I awoke today in flat calm Porto Colom to Kelly sneaking about, engine running, making last minute preparations to slip the mooring lines and cast off. She had Madame Geneva all set and said, “I got this”. I lurched out of bed to see that she did, so she finished her routine, cast off the remaining bow line, and motored out of the Cala into the Med noting she had 64 degrees magnetic to the southern tip of Menorca all figured. Adios Mallorca! It’s been fun. Now onto adventure next. North by east over a hazy morning horizon.
We were delayed back in Palma because apparently there was a large hefty bag of money that wasn’t going to spend itself. So, with a new turbo charger installed on the Diesel, new rings and prop cone on the sail drive and 840 watts of solar (ohhhh yeah) on our newly built (and rebuilt) tower we had to wait a heavy week before heading out. So to make the most of it we dove deep into the bits of Mallorca we had left to see.
Family bus rides and transfers in Spain are fun. Maybe not when you’re 8, or 10, or 11.75 but they are. So much to see when you leave the coast and such large, modern picture windows to see it through if only you weren’t glued to whatever saga the children were reading at that moment. Hell, if nothing else we have children who are avid readers if not soaking up the world. I think there’s some credence to the theory of osmosis though.
We checked out Valldemossa in the mountains. It’s a beautiful town with the summer palace of King Santo something-or-other where Chopin and Georges Sand overwintered in a monestary in 1838-1839 and wrote some of the most iconic romantic piano music ever. There’s a great museum in the monkery and we stood in the cell with the piano, Chopin’s work softly playing and his hand written sheets scattered about under glass. My arm hairs stood up and I was once again the recipient of a lump in the throat, “how profound the highest expression of man”, moment. Cathedrals, chiaroscuro oil paintings, Picasso, Miro, art nouveau ornament, Gaudi’s melting architecture. Europe continues to both crush and exalt me. Just what I am needing at this particular moment in time. We bought tickets to a “show” in the palace where we got to watch a pianist play selections of Chopins work from memory and Quinn fall onto the chair next to him moaning “when will this beeee ovvverrre?”. Only the pianist was paid for this performance. The frescoed cherubs adorning the elaborate crown mouldings were not impressed.
A few more days tied up along a stone wall in the STP shipyard baking in the heat trying to occupy the children with rollerblading and various wheeled distractions while highly skilled and polite Spanish interlopers dug, banged and sweat in our boat.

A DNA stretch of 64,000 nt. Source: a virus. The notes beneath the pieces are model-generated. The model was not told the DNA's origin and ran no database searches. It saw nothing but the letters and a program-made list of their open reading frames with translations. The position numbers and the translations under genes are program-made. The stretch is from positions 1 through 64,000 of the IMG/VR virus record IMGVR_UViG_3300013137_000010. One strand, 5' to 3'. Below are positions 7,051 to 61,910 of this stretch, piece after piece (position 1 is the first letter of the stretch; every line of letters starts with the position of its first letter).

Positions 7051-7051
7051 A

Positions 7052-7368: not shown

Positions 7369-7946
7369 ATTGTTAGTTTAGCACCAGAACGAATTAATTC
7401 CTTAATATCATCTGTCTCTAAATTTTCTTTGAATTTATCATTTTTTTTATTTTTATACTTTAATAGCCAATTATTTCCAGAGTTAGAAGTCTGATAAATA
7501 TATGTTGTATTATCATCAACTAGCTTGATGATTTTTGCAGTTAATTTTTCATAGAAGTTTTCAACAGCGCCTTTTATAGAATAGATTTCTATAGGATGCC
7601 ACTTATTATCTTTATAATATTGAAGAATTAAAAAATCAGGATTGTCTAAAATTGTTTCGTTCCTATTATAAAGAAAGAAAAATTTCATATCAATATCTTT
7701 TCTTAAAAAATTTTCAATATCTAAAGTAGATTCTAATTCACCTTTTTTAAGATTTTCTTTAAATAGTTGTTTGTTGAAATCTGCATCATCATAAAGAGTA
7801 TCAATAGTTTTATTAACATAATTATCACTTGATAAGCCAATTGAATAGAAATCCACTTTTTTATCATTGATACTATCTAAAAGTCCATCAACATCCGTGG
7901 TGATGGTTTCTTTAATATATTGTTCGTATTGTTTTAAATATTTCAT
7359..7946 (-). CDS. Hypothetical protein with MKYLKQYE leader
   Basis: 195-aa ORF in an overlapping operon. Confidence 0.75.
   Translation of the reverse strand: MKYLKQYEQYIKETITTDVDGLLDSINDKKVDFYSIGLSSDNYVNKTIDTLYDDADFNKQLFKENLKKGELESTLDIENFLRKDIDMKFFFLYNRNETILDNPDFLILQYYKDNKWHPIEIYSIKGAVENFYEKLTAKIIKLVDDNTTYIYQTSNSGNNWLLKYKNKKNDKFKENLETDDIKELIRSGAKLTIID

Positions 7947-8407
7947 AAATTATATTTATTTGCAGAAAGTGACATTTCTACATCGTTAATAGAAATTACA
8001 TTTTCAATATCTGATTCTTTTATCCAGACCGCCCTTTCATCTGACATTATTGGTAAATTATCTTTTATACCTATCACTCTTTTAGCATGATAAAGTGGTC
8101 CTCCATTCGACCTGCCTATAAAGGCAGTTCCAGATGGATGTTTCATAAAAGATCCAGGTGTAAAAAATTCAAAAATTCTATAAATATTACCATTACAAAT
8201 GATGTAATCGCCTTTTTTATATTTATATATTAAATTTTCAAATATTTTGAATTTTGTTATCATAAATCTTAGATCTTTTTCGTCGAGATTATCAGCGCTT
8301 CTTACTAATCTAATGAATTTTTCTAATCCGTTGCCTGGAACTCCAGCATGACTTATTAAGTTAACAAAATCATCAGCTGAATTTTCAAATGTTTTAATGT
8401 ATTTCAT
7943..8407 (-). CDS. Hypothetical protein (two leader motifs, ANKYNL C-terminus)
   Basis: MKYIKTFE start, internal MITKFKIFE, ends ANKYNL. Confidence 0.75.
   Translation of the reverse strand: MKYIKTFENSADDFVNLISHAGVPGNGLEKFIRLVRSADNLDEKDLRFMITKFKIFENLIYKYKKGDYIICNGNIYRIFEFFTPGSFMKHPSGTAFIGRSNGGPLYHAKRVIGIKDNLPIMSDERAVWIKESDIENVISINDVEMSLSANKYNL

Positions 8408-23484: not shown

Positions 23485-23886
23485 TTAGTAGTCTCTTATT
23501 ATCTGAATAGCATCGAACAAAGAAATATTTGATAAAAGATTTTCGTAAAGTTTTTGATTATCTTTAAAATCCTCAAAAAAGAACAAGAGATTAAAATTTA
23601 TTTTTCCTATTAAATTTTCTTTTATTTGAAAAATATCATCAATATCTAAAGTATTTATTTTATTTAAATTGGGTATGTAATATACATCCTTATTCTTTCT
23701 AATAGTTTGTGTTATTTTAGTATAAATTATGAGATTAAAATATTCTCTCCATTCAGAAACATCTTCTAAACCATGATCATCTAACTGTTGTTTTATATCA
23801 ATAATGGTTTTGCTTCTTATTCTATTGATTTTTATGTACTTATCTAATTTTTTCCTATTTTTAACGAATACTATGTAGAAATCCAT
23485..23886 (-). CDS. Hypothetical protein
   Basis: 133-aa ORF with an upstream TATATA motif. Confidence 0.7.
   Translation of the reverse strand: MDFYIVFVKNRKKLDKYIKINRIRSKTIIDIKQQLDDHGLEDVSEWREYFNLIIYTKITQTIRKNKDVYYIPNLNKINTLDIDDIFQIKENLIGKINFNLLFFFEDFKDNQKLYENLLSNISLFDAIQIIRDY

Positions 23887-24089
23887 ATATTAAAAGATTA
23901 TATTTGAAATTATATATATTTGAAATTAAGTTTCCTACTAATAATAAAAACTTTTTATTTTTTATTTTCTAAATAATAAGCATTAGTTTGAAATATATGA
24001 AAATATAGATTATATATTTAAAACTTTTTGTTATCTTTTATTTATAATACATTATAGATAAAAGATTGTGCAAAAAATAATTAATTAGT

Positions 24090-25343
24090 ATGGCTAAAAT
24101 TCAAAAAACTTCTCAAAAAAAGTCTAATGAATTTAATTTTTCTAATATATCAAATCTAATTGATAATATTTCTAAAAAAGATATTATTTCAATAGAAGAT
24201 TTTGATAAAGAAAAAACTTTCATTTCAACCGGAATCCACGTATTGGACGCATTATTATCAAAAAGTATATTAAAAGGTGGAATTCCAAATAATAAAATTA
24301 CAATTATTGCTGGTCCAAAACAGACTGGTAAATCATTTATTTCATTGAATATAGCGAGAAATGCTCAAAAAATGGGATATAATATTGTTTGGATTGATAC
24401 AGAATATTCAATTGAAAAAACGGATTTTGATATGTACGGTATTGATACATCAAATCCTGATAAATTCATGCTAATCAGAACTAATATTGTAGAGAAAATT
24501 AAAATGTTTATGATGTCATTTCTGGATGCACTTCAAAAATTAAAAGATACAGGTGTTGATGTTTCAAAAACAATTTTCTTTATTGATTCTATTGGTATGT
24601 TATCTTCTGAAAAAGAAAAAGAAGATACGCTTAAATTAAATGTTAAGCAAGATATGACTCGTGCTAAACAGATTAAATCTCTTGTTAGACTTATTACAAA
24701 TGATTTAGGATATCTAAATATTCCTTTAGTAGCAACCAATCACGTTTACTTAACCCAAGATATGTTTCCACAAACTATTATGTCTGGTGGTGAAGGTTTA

We had a truly special moment last Friday when we slid off the quay for a couple hours outside Palma Harbour to take part in a final worldwide send off for Kelly’s brother Joe. After his passing this spring it became more and more clear to me just what he meant to the free spirited surfing communities he had lived with in Ocean City, New Jersey, San Diego and the North Shore of Ouahu. OC dedicated a perpetual spirit award to their surf contest in his name and simultaneous paddle out ceremonies took place at dawn in Hawaii, breakfast in Dago, noon in OC and 6 pm in Palma. Joey is with us on this trip too and he was ceremonially sprinkled lovingly from the transom of Madame Geneva by our family as we sailed 263 degrees magnetic directly towards Ouahu some 8500 miles away. We saved some last ashes to commit to the waves at the exact halfway point on our transatlantic crossing. I think Joey would like that.
Once free from the shipyard we bid our friends a dry eyed adios and headed east close reaching with the code zero at 6-7 knots in 8-10 knots of breeze to Porto Colom for one last stop in Mallorca for as we had circumnavigated the island and seen her interior we had yet to venture underground! Oh, wait, we did take a vintage wooden train ride, more than 3 kilometers of which was through tunnels….whatever. The Caves of Drac! Awesome, magnificent, spectacular!! How do you say “please get me a cattle prod, a can of wasp spray, a stink bomb, ANYTHING to get this German lady to stop bumping me and coughing in my hair!!!”?”” It was jam packed and life aboard a boat with your family, although cramped, is a life and proximity you have chosen. I wouldn’t diagnose it as a panic attack so much as a “if the lights go out I’m eating the first tourist that smells like ice cream” feeling. Time for some offshore.
Flat calm and steaming at eight knots should have us in Menorca mid afternoon though from my vantage point behind the helm it’s understandable how my predecessors navigating this ancient sea expected to fall off the edge.
Menorca? It’s just east of Mallorca. Still Spain. Our stopover on the way to Sardinia. Other facts? I have few. We’ll just have to see when we get there.
Stay tuned. Much love!